About two months ago (it feels like yesterday), Dennis and I decided to revisit the town of Todi. One of his business friends is from there. His friend, Daniele, who loves food as much as we do, has recommended a restaurant, and even told us what we should order if we go there.
We arrive on a Saturday afternoon (mid-August) for a two night stay. Upon arriving by train to the tiniest of stations, a little bus comes by to take us to the top of the town. It lets us off in a little piazza, where there happens to be a charming little hotel. We go in to check availability and price. It’s a little higher than we want to pay, so we tell the man we will check a few others before we decide. “Did you arrive by car?” he asks. “No”, we reply. “We came by train from Rome and took the bus up.” “Did you know there are no other hotels in the town? All the others are outside the city walls in the countryside.” Well, I guess that bit of information makes the decision easier for us. Actually, he kindly gives us a nice discount, and a lovely room which includes a nice buffet breakfast.
Though it has been sweltering hot and humid in Rome, it’s lovely in the hills. The humidity is gone, and there is a breeze that actually requires a light sweater in the evening. Todi is very small and very walkable and though Daniele’s directions to the restaurant seem quite simple, it takes us a while to find it. When we do get there, the owner is thrilled to know that Daniele has sent us, but they are filled for the night, and so we make a reservation for the following evening. We go instead to seek out the restaurant of a decade ago, and actually find it much more easily. We talk with the owner telling her that we are repeat customers, and she explains to us all the changes that have been made to the restaurant since then. She seats us along the edge overlooking the verdant valley below, and as we munch on a cutting board of cheeses and salamis and savor a fabulous pizza, I think to myself, “I need to hold on to THIS minute.”
The following day, we start off just exploring the town. We walk everywhere, snapping photos of picturesque streets, beautiful views, and charming scenes. I hate to describe it this way, but Todi is almost like Disneyland. It was SO charming, SO clean, and SO well restored, as to be not real. We wander aimlessly along hilly, winding side streets stopping into shops to buy ceramics, wine, and olive oil. We find a beautiful city park overlooking the beautiful valley filled with beautiful well-behaved Italian children with their beautiful, well-dressed parents. Dennis and I look at each other. “Is this place real?” But it is, and it’s fabulous.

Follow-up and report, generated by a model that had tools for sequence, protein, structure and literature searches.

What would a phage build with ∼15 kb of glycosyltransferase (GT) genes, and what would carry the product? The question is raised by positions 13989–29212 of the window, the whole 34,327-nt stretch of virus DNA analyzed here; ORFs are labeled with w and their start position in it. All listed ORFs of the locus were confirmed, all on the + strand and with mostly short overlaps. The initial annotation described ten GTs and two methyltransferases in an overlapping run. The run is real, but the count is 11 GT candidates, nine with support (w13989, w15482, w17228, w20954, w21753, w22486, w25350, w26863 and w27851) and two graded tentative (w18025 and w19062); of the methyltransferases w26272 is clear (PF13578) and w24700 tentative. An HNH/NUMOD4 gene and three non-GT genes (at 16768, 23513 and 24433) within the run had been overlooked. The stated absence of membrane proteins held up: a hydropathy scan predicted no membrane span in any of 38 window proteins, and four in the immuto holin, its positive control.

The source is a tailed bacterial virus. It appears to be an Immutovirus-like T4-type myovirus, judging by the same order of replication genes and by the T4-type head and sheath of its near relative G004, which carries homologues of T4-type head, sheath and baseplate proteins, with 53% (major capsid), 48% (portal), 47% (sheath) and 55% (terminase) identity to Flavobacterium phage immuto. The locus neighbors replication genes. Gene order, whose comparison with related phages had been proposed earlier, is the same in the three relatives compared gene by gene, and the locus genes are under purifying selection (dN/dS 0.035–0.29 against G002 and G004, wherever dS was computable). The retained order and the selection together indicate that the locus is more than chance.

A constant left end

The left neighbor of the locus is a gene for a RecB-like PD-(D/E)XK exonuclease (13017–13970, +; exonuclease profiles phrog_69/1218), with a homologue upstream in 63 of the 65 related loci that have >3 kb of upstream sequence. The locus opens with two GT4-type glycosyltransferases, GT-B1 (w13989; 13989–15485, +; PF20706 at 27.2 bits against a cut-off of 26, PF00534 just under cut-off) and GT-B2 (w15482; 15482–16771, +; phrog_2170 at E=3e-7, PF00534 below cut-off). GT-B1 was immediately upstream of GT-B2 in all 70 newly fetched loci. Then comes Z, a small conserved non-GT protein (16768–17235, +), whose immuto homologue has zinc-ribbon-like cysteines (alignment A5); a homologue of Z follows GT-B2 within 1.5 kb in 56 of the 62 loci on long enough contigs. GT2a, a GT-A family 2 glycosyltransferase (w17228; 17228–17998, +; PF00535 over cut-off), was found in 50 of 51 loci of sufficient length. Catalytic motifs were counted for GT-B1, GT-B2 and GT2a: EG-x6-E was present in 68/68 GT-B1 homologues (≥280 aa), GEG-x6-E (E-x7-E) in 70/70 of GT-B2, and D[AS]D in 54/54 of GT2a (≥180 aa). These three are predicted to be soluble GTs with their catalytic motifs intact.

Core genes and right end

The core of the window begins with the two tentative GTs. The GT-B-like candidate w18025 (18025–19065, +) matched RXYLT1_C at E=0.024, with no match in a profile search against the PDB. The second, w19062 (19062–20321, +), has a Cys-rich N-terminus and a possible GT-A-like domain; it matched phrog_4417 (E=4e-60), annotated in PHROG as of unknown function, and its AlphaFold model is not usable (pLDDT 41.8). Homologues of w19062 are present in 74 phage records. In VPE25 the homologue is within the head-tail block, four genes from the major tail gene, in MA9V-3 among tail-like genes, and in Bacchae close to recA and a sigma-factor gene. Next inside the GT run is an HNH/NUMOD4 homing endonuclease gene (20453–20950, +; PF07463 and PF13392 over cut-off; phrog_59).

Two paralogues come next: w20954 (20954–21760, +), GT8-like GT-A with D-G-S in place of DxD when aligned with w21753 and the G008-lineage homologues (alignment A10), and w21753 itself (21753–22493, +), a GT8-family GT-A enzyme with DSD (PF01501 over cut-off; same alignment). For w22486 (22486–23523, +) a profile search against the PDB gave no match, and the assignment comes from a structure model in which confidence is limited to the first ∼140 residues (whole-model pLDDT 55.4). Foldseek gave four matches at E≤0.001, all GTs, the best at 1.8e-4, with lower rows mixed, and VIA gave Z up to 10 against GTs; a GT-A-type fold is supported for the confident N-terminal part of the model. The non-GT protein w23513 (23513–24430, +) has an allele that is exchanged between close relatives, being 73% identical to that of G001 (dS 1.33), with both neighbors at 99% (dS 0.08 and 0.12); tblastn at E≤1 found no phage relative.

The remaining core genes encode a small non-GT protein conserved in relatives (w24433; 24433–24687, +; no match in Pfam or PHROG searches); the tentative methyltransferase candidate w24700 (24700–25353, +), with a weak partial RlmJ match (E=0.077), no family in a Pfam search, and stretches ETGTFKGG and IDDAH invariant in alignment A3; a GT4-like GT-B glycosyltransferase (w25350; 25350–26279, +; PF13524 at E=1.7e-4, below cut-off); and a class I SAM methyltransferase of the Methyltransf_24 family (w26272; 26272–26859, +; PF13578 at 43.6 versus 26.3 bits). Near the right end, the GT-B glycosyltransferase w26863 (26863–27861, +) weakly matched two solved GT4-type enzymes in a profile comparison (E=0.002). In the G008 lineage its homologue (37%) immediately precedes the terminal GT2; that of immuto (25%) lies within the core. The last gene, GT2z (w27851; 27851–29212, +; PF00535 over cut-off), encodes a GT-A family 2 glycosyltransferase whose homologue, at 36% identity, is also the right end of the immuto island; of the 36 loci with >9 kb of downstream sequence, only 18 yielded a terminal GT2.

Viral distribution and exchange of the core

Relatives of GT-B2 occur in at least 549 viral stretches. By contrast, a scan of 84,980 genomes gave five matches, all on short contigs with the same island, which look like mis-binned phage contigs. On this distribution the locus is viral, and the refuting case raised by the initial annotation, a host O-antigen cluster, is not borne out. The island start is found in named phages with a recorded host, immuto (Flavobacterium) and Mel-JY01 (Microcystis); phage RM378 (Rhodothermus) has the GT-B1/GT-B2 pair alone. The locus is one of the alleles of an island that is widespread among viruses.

This day is an important one in the history of Irene. It’s when I have my red wine epiphany. We were looking for a place to have a small lunch when we came across a little enoteca with a sandwich board out front advertising appetizers different from those we’d seen before. “Not the usual fare” we think. This is the place for us. We order a plate of peppers and sundried tomatoes stuffed with fish, and another of crostini covered in melted gorgonzola cheese, drizzled with local honey. Dennis decides to try a red wine, and at 6 euros a glass, I decide to have water. The fish stuffed tomatoes and peppers are quite yummy. But some strange and very powerful chemical, emotional, reaction occurred between my mouth and my brain when I took a bite of that gooey crostini and washed it down with a taste of Dennis’ red wine. POW! Ecstasy! Why did it take me nearly fifty years to discover this?! I flag down the waitress. We need another glass of that wine. She smiles knowingly, and is back in a flash with a goblet of ruby red elixir. Well, as it turns out, I have good taste. It’s a Sagrantino from a vineyard called Lungarotti. We buy a bottle for 25 euros because Irene has fallen in love, and has discovered the secret of red wine; it’s not just the wine, it’s what you eat with it.
Oh, and dinner that night? Fabulous! The owner seated us at the best table on the terrace overlooking the lights of the valley. The steak Dennis ordered on his friend’s recommendation was another one of those juicy slabs of beefy wonderfulness covered in black truffle sauce. We used every bit of bread to mop up every bit of sauce. Life is good. This is the moment.
(Written Aug. 2008)